A Classic Last Windrow from 1983
As promised, I am entering some “Classic Last Windrow” columns on this, the 30th year anniversary of writing The Last Windrow.
I’ve dug into the fireproof files and come up with 30 years of columns. I’ve sorted through them and relived a whole lot of my history over those years. Some of the columns were winners, some were clunkers, but they all told a little bit of my journey.
What follows is the first column I wrote in 1983. It was actually typed on a real typewriter using carbon paper for a copy. I hope you enjoy some of the “classics!”
The Last Windrow by John Wetrosky-April 1983
I’m beginning to write this column in order to document some of the small farm experiences that I and so many others experienced during the small farm era of the 1950s and 1960s. I had the luck of having been able to attend a real country school and watch my dad open a field of corn with horses. The school no longer exists and the horses are no longer pulling the wagon.
Our countryside was dotted with farmsteads, each occupying a quarter section or more of land. A few “large” farms consisted of a half section and no one at the time even dreamed of farming more than a section of ground.
We raised hogs, fat cattle, milk cows, chickens, ducks, corn, oats, sorghum, alfalfa and red clover. Saturdays were days when we traveled to LeMars or Sioux City to deliver our 30-dozen capacity egg cases and cream cans to those businesses that wrote us a check. Afterward, my parents bought our groceries, clothing and other essentials needed for life in the country.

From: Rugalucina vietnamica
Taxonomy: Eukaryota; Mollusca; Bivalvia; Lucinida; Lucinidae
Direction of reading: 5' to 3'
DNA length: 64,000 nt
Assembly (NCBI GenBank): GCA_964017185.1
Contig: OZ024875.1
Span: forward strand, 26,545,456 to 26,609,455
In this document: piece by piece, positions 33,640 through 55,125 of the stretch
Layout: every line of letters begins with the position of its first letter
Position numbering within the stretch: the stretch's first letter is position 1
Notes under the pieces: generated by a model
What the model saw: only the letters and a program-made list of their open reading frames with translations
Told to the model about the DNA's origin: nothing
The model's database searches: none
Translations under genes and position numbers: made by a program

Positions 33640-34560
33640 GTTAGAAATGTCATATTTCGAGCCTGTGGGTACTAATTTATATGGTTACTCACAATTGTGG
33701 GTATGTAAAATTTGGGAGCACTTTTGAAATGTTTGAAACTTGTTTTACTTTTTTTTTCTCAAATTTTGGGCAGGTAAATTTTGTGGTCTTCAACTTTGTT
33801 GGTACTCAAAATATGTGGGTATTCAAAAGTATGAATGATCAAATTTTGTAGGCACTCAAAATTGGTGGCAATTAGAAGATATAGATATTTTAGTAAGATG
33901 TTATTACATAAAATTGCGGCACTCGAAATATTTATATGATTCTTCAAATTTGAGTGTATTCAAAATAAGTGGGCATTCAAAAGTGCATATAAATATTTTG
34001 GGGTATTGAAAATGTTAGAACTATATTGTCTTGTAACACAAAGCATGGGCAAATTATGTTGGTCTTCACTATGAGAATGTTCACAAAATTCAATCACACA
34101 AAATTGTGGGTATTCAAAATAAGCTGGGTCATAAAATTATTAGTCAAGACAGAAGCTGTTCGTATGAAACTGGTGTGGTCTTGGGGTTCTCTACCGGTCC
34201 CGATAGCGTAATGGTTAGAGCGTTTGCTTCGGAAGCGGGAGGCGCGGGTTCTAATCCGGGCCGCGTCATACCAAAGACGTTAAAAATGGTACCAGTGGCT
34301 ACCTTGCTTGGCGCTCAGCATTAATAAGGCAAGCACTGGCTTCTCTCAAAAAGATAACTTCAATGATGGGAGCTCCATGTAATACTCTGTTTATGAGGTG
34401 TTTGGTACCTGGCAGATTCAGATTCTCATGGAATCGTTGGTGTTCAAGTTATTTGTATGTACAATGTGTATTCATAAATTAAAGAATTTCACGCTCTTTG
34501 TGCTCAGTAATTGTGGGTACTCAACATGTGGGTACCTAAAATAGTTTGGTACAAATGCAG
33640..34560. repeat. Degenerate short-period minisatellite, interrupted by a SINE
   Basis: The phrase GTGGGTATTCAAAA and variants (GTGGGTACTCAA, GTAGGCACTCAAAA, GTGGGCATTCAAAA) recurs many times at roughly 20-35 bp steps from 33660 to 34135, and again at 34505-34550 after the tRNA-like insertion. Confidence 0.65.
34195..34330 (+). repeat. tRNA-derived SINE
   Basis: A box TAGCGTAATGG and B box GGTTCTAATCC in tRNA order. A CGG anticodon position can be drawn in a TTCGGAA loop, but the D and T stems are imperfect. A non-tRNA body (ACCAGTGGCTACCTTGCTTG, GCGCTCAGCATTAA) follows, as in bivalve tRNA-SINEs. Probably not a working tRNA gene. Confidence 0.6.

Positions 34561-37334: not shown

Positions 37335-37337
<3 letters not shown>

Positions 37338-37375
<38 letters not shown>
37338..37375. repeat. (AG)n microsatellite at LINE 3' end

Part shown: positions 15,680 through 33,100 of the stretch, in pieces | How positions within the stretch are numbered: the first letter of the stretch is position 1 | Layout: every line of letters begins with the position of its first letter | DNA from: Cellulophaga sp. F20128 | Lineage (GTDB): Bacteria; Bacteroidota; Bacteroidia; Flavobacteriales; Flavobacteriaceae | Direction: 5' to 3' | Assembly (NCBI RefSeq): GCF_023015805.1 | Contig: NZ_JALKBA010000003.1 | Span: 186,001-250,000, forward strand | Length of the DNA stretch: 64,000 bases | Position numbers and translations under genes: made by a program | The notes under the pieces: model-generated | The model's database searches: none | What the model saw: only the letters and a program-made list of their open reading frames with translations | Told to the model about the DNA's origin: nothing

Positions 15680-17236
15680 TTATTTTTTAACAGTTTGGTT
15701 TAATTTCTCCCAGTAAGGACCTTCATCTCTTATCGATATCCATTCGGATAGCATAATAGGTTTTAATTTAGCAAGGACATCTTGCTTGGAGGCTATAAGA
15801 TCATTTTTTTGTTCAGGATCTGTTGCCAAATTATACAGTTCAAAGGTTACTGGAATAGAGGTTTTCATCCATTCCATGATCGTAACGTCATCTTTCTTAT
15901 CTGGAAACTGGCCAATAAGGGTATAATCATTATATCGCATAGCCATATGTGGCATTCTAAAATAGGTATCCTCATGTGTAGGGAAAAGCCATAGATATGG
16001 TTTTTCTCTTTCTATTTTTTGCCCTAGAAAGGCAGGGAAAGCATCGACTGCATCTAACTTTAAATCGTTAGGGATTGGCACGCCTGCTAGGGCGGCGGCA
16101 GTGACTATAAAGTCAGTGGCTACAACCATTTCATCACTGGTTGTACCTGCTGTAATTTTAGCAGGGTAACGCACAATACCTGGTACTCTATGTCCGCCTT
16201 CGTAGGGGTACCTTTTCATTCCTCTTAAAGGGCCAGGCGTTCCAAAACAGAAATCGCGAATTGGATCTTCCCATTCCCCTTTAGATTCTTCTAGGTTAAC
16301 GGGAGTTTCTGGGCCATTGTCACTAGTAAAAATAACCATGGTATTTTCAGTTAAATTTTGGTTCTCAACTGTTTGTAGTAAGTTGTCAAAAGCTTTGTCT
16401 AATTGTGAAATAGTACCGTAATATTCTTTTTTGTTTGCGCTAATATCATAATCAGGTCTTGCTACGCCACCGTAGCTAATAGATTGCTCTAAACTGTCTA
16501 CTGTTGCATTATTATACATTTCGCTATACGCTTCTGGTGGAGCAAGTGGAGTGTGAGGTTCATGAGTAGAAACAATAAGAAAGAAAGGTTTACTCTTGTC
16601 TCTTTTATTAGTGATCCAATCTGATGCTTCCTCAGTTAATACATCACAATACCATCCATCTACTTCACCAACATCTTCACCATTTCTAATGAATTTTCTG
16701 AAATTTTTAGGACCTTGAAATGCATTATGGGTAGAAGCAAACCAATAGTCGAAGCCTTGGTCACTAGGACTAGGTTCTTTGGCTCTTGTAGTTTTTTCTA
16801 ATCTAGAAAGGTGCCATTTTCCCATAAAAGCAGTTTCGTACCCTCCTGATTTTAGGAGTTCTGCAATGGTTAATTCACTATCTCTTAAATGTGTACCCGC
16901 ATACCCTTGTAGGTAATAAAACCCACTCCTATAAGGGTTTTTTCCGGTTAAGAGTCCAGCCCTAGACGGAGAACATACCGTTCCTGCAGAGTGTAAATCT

I want to write a column about the life that I loved so much. The day of the Model A John Deere and the WD Allis Chalmers tractor. A time when it still took a day to plow 20 acres. When hay was still baled by a crew of men and women and stacked by hand. An era when our farm animals were still allowed to roam free around the barnyard instead of being packed inside buildings where they never saw open sunlight.
The farm scene is stressed today, 1983. The hog market is in the trough, excuse the pun. Corn prices are hovering at a level that is not conducive to paying bills. There has been an exodus of people from the country to the suburbs. When politicians now speak of the “small, family farm” they are not speaking about the type of farm I grew up on, but rather a farm that is managed to the nth degree and where the risks are enormous. A “small, family farm” today can be multiple sections of land and livestock is raised in a factory fashion.
My column, The Last Windrow, is written with some historical perspective intended. Those who have worked on a small farm know that a windrow is a row of hay, oats, wheat or rye that is waiting to be harvested. I used to “windrow” grain and I as I was close to finishing a field, I found myself tending to drift off into a daydream mode. I thought of the day, the year, my family, fishing, hunting, cars and just about any subject that entered my head as the tractor jarred me along toward home. It was a relaxing and redefining exercise. That is what this column will be about.
The small farm that I and many others knew is a part of our collective history, but the lessons acquired there are precious to me.
Now you know the reason this column will exist and I’ll continue to write it until I run out of material or until my readers quit reading it. I hope it lasts for a few years! (Last Windrow-April 1983)
That column was written 30 years ago. The lessons are still true, the humor is still funny (I think) and I still have readers. Life has been good to The Last Windrow!
See you next time. Okay?